4. Conventional fuel is still being used which does not only harm the environment but is also very expensive for a middle-class citizen.
  5. Currently Egypt is working on developing Benban Solar energy field in Aswan. It will provide a lot of job opportunities and enhance economic growth. It is one of the major challenges for Egypt to execute it and operate it in an efficient and advanced way.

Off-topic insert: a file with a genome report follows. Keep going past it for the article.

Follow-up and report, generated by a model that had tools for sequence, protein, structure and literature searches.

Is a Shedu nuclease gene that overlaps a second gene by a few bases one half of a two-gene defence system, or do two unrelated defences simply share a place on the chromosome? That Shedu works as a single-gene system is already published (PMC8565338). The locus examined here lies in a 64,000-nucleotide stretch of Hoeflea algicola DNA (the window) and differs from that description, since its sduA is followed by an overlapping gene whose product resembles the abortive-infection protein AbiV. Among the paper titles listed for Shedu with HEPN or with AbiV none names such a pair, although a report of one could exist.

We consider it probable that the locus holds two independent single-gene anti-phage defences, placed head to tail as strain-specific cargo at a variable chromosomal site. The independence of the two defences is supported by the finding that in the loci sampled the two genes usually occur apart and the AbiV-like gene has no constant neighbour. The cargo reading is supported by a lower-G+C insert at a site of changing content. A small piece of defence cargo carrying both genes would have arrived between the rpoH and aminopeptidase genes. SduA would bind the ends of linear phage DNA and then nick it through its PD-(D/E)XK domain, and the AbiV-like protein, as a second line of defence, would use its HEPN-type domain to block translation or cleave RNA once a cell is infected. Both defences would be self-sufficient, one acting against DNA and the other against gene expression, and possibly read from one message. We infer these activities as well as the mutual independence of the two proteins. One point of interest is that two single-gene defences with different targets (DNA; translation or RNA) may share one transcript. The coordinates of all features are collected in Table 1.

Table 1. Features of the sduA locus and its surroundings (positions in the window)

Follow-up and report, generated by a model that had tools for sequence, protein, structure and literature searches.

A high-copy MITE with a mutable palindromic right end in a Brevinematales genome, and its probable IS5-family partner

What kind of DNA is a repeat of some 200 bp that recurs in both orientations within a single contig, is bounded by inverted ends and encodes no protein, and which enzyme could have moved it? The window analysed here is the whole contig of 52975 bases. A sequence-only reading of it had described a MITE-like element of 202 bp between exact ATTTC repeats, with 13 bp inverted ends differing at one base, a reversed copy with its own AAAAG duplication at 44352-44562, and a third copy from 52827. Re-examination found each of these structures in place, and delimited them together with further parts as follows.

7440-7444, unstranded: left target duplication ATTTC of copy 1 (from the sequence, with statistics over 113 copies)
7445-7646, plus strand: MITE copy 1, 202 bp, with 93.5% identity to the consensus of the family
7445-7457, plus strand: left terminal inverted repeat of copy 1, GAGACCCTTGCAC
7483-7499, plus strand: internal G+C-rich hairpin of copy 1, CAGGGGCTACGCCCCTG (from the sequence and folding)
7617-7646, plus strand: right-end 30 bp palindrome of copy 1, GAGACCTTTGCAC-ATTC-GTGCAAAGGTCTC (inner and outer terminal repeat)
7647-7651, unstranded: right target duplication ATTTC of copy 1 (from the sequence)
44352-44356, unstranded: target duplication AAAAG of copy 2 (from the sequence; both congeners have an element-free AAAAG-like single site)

The implementation of ISES would be better accompanied by a reduction of energy subsidies. Energy subsidies distort markets and render most of the renewable energies uncompetitive; they also contribute to Egypt’s high budget deficit. Reducing energy subsidies would not only lower the deficit but also support the development of renewable energies. While investments in renewable energy have positive growth and employment effects, their impact on the poor has been rather modest. Thus, if poverty reduction is the main policy goal, other policies that support broader-based growth and targeted social safety nets are more appropriate. Finally, it is important to stress that the implementation of a renewable energy strategy can be very challenging and complex. For example, windmills and solar panels designed for a European climate may not function well in Egypt’s desert region, where temperatures are higher and the volume of sand is a concern. If these potential caveats are carefully assessed, however, sun and wind have the potential to support economic development. Sound institutions, appropriate and lasting regulations, careful technology transfer, and cross-ministerial coordination are the keys to success. The strategies in the energy and power sectors have to be updated. By this, they will reflect the rising cost advantages and benefits of using renewables.